NASA says the alignment will not be visible on June 3

If you want to see a parade of planets, experts say later this month might be better for watching a real celestial show.

People expecting a dazzling parade of planets on Monday, June 3, may be disappointed by what they ultimately see in the sky. Instead, experts say to temper their expectations and wait until the end of the month to see the planets. planetary alignment.

The past few months have been quite eventful for backyard astronomers. First the solar eclipse in April, then the Northern Lights made a rare appearance in May, and now a parade of planets will make its debut in 2024.

However, experts from NASA and Astronomers Without Borders both agree that this will not be the best time to attend the planet parade. That’s because Uranus, Mercury and Jupiter will be swallowed up by the sun’s light and will be too close to the horizon to be visible.

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Experts say be patient: the Planet Parade will be more of a show later in June

“To me, the closest thing to a planet parade is June 29, when you will have Saturn, the third quarter moon, Mars and Jupiter in the sky at sunrise,” said Preston Dyches, a public engagement specialist for NASA’s Jet Propulsion Laboratory, it told USA TODAY. Dyches has a background in astronomy and hosts NASA’s “What’s Up,” a monthly video series describing what’s happening in the night sky.

Andrew Fazekas, the communications manager for Astronomers Without Borders, says that when it comes to the planet parade on June 3, it will be virtually impossible to see all the planets with the naked eye.

Both Fazekas and Dyches agree that it is better to see the planetary parade on June 29 instead.

On June 3, Jupiter, Mercury and Uranus will be “way too close to the sun,” Fazekas said. So it will be difficult to see those three planets.

So people who decide to get up before the sun on Monday morning just to catch a glimpse of this heavenly phenomenon may be disappointed.

In this case, good things come to those who wait. And waiting until the end of the month gives stargazers a better chance to view the planets.

“If you are patient and wait until the end of the month, these planets will move further away from the sun, higher in the early morning sky,” Fazekas told USA TODAY. “So you get an easier chance to pick them in the air.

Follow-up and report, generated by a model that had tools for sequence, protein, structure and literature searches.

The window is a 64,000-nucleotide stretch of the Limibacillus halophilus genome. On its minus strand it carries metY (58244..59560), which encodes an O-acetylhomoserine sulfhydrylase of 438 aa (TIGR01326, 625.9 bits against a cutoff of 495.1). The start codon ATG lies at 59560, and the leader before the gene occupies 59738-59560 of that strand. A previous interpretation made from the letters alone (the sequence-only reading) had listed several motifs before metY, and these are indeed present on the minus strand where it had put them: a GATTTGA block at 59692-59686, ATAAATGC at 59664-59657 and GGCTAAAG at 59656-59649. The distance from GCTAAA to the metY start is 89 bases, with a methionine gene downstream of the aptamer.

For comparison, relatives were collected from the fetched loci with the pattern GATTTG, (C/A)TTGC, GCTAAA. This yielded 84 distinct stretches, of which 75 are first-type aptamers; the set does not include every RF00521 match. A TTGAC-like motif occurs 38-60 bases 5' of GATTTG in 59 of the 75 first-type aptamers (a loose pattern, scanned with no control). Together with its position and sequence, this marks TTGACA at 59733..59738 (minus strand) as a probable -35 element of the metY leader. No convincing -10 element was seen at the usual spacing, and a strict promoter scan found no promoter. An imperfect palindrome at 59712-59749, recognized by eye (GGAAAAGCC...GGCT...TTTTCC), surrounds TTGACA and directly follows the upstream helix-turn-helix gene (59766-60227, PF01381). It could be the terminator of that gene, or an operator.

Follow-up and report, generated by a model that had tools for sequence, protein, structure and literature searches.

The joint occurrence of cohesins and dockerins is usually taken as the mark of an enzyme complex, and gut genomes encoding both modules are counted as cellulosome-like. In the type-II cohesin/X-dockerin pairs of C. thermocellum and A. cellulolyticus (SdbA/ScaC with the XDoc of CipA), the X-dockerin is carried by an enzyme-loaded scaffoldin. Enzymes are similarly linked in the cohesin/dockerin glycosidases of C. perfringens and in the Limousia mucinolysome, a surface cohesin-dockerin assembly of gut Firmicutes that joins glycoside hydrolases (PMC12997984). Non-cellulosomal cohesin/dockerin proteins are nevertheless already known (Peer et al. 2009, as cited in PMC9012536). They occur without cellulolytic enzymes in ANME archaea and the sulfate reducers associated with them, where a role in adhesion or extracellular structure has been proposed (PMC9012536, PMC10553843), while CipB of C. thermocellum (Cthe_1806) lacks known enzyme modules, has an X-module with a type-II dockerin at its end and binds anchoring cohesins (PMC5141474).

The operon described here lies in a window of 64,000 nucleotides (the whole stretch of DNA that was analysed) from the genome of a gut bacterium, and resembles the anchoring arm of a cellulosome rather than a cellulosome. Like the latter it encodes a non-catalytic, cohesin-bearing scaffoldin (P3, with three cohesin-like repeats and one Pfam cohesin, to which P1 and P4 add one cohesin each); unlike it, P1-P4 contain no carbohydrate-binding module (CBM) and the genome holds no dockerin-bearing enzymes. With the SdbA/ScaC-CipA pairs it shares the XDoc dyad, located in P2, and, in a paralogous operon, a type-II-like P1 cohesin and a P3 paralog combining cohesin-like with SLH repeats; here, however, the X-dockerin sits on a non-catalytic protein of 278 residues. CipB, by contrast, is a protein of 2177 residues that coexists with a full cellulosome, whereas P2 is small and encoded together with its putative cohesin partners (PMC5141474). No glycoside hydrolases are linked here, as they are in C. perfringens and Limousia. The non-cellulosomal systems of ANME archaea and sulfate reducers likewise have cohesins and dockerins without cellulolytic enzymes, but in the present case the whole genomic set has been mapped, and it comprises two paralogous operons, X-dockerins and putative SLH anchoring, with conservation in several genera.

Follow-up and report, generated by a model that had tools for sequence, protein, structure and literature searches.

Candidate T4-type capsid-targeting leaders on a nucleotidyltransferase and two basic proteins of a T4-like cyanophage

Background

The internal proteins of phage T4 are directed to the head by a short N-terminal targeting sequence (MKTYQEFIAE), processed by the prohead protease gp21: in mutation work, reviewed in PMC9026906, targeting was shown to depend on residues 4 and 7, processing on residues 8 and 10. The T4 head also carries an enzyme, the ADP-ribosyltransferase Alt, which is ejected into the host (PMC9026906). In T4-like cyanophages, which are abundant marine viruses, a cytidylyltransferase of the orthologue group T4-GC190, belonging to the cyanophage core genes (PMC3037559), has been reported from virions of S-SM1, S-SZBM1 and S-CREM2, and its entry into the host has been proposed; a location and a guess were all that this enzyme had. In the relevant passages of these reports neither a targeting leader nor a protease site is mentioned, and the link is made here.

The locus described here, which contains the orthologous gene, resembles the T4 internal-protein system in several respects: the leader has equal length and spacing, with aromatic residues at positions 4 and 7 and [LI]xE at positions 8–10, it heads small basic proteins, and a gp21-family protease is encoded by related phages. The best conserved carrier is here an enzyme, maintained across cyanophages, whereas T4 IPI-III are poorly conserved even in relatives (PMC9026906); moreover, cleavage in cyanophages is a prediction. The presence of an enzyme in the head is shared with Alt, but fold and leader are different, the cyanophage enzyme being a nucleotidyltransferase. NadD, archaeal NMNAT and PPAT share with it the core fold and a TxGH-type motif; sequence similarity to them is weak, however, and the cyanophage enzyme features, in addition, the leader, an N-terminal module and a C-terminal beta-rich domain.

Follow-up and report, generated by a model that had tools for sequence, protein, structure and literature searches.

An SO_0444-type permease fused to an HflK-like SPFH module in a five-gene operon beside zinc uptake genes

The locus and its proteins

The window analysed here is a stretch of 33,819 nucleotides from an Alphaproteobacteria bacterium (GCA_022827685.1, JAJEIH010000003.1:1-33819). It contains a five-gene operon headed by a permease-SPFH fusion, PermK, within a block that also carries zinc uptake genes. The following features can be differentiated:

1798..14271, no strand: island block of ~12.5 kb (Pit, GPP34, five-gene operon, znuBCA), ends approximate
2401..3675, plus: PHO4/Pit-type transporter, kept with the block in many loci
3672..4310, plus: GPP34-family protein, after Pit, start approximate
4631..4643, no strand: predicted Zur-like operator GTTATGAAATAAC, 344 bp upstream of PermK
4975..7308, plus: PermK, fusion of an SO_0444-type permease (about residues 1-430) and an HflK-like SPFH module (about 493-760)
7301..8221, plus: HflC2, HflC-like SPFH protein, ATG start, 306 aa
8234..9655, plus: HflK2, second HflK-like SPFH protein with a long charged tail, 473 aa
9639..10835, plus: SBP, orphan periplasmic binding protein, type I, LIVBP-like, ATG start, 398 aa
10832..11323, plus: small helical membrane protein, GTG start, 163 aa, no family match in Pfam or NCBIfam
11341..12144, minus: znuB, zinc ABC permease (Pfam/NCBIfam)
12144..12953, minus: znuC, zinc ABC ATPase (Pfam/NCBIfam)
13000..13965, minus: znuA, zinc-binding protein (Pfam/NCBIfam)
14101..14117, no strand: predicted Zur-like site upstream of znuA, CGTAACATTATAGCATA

Not only will people get a better view of the planet parade if they wait until June 29, but they will also be able to stargaze at the stars from Friday evening to Saturday morning, instead of having to skip work like on Monday. morning.


Catch a glimpse of the ‘planet parade’ in the sky

On June 3 and August 28, skywatchers will be treated to an alignment of six planets in the early morning sky.

Excitement from the solar eclipse and the northern lights create a hype around the planet parade

People expect to see something great the morning of June 3, Fazekas said. But he worries that the expectations raised by two highly viral celestial events, the solar eclipse and the Northern Lights, and social media sensationalism could raise people’s expectations a little too high and lead to a lackluster experience.

He adds that he worries that a bad experience that is overhyped online could take away from people’s enthusiasm about astronomy.

“What worries me is that we are letting people down,” Fazekas said. “And then they won’t want to do it again.”

According to Fazekas, he has never seen so many people interested in looking at the sky, and he doesn’t want the excitement to end.

What can you see?

According to a program called SkySafari Pro, on June 29, people will see:

  • Jupiter, which will be closest to the horizon
  • Uranus
  • Mars
  • the moon
  • Neptune
  • Saturn

What is a planetary parade?

Basically, the planets mentioned above form a straight line and look as if they are marching across the night sky. And form a kind of space parade.

It’s also known as a major planetary alignment, says Delaware Online, part of the USA TODAY Network.

What gear do you need to watch a planetary parade?

According to Fazekas, you still need binoculars and telescopes to see some planets.

“Neptune is a planet that you can see with strong binoculars or a small telescope,” says Fazekas. “And it’s not easy to find either.”

People looking at the stars on Friday, June 28, will be able to see Neptune right next to the moon. On June 29, it will be further away from the moon, and instead above it.

Apps, like Skyview in the Apple App Store, can turn people’s phones into a tool to help them identify celestial objects in the night sky.

Where can you see the planetary parade?

According to Fazekas, people will have to do the following to get a view of the planetary parade:

  • Get up early, before sunrise.
  • Find a spot with a clear sky pointing toward the eastern or southeastern sky.
  • Have your binoculars or telescope ready to view planets that are not visible to the naked eye.